Seven were forged.
Behold! Summon the Horde Rune necklaces, modeled in Fusion360 and 3d printed, then sanded, molded and cast in pewter.
I’m so proud of this. I’m not a sculptor. I took a clay sculpting class in college and I was the worst one in the class. My fingers just don’t work like that, or I don’t have the patience, or something. Perhaps I just need an “undo” button and clay sculpting doesn’t come with that.
I’ve been learning Fusion360, an online 3d modeling program, and have been able to finally get close to what I want to do with 3d printing. I can tweak on the design for weeks, without worrying about clay drying out or accidentally screwing everything up with one ill-advised stroke.
However, 3d printed stuff comes out of the printer in colorful but somewhat disappointing plastic. It just doesn’t feel like jewelry.
There are services that will 3d print your design in metal
, but it’s EXPENSIVE. Last time I checked, one of these would run you around $30-$50 — not a bad price for a necklace, but far too expensive to give to all your barbarian horde sisters.
I started with a sketch by our Horde Mistress, Rachel. The rune is our Horde logo, more or less.
I opened it in photoshop and made a path of the outline, then saved as an .svg so it could be imported into Fusion360. Next, I spent some time modeling the pendant.
I printed it out on my 3d Printer, and it came out … nice, but in plastic, and with lots of print “artifacts.” 3d prints have kind of a grain to them, just because of the way the print lays down material. I went to work sanding those out to try and make it smooth like a stone.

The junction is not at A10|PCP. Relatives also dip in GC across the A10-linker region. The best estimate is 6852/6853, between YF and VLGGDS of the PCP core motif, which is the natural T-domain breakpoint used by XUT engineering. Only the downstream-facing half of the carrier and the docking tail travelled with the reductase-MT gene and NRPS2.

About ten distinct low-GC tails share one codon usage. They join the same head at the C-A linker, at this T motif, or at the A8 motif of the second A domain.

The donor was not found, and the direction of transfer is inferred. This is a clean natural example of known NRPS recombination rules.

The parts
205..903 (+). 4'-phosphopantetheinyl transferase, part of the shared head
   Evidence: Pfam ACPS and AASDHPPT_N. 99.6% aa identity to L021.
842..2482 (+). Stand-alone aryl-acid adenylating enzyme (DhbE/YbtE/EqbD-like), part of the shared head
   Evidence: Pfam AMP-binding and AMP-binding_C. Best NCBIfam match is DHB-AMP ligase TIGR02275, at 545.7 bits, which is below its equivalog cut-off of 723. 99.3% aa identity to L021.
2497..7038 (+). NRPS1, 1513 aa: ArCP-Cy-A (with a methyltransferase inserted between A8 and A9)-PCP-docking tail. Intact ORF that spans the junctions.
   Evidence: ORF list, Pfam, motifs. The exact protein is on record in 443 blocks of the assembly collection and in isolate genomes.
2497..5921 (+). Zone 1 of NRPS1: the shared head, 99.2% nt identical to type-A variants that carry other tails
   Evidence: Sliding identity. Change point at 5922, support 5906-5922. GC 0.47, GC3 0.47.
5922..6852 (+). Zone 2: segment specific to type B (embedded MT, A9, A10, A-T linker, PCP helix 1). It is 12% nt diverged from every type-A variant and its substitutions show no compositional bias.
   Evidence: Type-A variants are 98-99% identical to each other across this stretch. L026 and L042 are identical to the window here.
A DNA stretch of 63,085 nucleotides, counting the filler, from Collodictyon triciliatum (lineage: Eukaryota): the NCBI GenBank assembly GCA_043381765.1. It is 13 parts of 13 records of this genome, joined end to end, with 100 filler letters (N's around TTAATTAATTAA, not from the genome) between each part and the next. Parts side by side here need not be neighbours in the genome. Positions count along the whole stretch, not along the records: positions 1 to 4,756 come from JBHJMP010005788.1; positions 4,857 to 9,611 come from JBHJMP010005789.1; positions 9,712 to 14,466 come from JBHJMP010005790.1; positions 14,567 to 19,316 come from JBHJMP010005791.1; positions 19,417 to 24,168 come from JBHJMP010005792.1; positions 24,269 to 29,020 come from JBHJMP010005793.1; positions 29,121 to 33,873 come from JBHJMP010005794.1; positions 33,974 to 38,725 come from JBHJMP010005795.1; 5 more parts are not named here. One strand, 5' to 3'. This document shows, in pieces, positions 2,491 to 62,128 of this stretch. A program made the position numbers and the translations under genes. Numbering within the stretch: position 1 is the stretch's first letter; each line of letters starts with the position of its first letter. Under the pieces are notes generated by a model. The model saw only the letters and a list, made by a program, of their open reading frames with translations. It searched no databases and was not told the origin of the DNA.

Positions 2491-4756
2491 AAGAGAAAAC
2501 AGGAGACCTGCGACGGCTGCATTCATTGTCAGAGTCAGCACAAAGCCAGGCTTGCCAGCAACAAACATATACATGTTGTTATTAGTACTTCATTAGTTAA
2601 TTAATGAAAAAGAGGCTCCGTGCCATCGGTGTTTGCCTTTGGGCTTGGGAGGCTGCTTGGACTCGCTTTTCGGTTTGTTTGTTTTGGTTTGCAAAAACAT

It feels nice and smooth, even though it still looks rough. It’s printed in PLA so I’m sure it’s possible to get it smoother but.. I sort of like a little bit of texture. Also the hole at the top for hanging was a little too small, so I drilled it out a bit so I could fit a necklace cord through.
I used Easy Mold Putty to make a mold of the rune. This stuff is pretty easy to use.. just mix it together and press it over the design. 25 minutes later it’s cured and ready to cast.
Here’s the final one in pewter! It took me a good number of tries to get it right since I’m still new at this, but ooohhh it’s so pretty! And the Easy Mold putty rubber held up really well through all my castings and mistakes.
It’s so fun to melt down the mistakes. That’s the neat thing about metal casting — there’s next to no waste.
I love it!! It’s a perfect addition to my Horde costume and I love that I can make lots of them using the same mold.
Perhaps I’ll do a step by step tutorial for something like this.. let me know in the comments if there’s interest!